Suffer The Children release politically-charged track ‘Doesn’t Mean We’re Free.’
Electronic R&B trio Suffer The Children have released their politically-charged single ‘Doesn’t Mean We’re Free.’ This follows the release of their compelling debut titled ‘Killing Hands’ and recent single ‘Someone To Lose,’ which showcased the trio’s emotive, physical side gaining immediate support from the likes of The Vancouver Sun, CLASH Magazine, All Music and AFROPUNK.
‘Doesn’t Mean We’re Free’ is a politically-fuelled single, submerged deep in the depths of unjust historical isolation; darkened, glassy basslines pulsate against percussive rattles and clatter inducing a frigid, sombre atmosphere. Vocalist Rian’s humble yet gripping delivery simultaneously invokes sentiment and echoes of oppression from our systematically-shackled society.
Suffer The Children’s lyrical content delves deep into realism and existentialism; outspoken in diplomacy and expressive in psychology, the trio question existence and reality to seek out the same answers we as humans yearn to understand. The ethos of Suffer The Children lies in honest collaboration and intelligent songwriting – without a specific end goal in mind. Inspired by aspects of modern trap and 80’s alternative pop, STC’s influences include Phil Collins, New Order, Lou Reed, Coco Rosie, Ane Brun, Bon Iver, SBTRKT, Kanye West and Little Dragon.
Operating from both London and Vancouver, the trio found common ground in the need to express themselves and experiment as friends and creators. Multi-instrumentalist, singer, songwriter, and producer Chin has Grammy Awards to boast for his work with Drake, Eminem and Aloe Blacc, and has shared stages with the likes of The Fugees, The Roots, TLC, and James Brown. Rian is a consummate performer who has toured, performed and provided vocals for the likes of Estelle, Leona Lewis, CeeLo Green, and five-time Grammy winner Michael McDonald. Dancer, painter and poet Shallom, aka Indigo is a skilled visual artist and curator, having worked with a span of top muralists (Faith47, David Shillinglaw, Scott Sueme, Mak1one, Kofie, Remi/Rough) and participated in major street art festivals around the globe (Living Walls ATL, Articulate:Baltimore, Vitry Jam, Project Amsterdam Street Art, MANIFESTO Festival).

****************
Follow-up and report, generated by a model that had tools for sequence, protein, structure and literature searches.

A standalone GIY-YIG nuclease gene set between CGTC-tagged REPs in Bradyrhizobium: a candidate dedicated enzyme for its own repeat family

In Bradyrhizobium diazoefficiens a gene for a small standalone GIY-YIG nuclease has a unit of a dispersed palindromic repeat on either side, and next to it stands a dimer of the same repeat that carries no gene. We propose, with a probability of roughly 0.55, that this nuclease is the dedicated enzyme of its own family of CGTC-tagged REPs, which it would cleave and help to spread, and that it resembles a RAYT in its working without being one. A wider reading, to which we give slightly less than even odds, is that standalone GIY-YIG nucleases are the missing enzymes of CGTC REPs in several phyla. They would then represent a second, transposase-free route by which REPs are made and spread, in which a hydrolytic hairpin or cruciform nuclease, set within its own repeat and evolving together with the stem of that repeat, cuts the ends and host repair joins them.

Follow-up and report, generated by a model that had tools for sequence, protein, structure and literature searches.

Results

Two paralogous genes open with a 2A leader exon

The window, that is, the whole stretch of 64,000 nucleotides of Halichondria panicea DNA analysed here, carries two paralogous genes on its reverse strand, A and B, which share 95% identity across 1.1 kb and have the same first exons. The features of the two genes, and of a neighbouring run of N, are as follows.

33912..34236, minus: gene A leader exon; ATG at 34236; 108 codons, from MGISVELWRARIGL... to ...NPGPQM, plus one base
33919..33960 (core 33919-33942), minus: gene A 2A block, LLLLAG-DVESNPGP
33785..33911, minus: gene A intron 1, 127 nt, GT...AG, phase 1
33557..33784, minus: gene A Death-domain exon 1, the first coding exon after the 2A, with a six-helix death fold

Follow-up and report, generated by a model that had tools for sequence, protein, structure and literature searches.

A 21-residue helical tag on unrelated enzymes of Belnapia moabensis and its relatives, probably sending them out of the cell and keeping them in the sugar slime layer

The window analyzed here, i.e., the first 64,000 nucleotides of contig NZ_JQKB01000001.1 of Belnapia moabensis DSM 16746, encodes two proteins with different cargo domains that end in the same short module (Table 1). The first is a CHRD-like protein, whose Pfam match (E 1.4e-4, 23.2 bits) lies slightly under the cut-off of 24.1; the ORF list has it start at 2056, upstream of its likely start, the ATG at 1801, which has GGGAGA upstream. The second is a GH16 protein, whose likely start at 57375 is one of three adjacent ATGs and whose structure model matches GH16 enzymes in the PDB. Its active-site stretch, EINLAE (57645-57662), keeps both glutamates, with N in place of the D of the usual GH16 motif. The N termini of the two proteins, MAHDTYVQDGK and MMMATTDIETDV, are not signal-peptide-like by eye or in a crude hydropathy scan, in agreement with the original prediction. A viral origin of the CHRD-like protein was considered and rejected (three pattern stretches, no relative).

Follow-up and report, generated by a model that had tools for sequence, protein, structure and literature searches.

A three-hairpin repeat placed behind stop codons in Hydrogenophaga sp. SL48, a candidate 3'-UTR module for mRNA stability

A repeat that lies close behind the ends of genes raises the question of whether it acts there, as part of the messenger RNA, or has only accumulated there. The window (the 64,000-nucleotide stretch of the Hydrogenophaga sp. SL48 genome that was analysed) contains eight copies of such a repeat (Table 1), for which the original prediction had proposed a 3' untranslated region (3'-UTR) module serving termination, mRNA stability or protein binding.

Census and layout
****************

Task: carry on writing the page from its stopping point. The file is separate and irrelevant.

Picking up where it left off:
Speaking of the new song STC commented: “Strong words for difficult times. From Billie Holliday’s Strange Fruit to Nina Simone’s Mississippi Goddamn; from Marvin Gaye’s What’s Goin’ On to Miriam Makeba’s Piece of Ground – music has always been part of the resistance. As people of color, each of us has a personal and generational history that cannot be separated from the politics and prejudice of white supremacy. We believe that as artists we have a responsibility to speak out against systemic racism and inequality, especially in times such as these. Just because we don’t see no chains, doesn’t mean we’re free.”
For now, check out ‘Tyrant’
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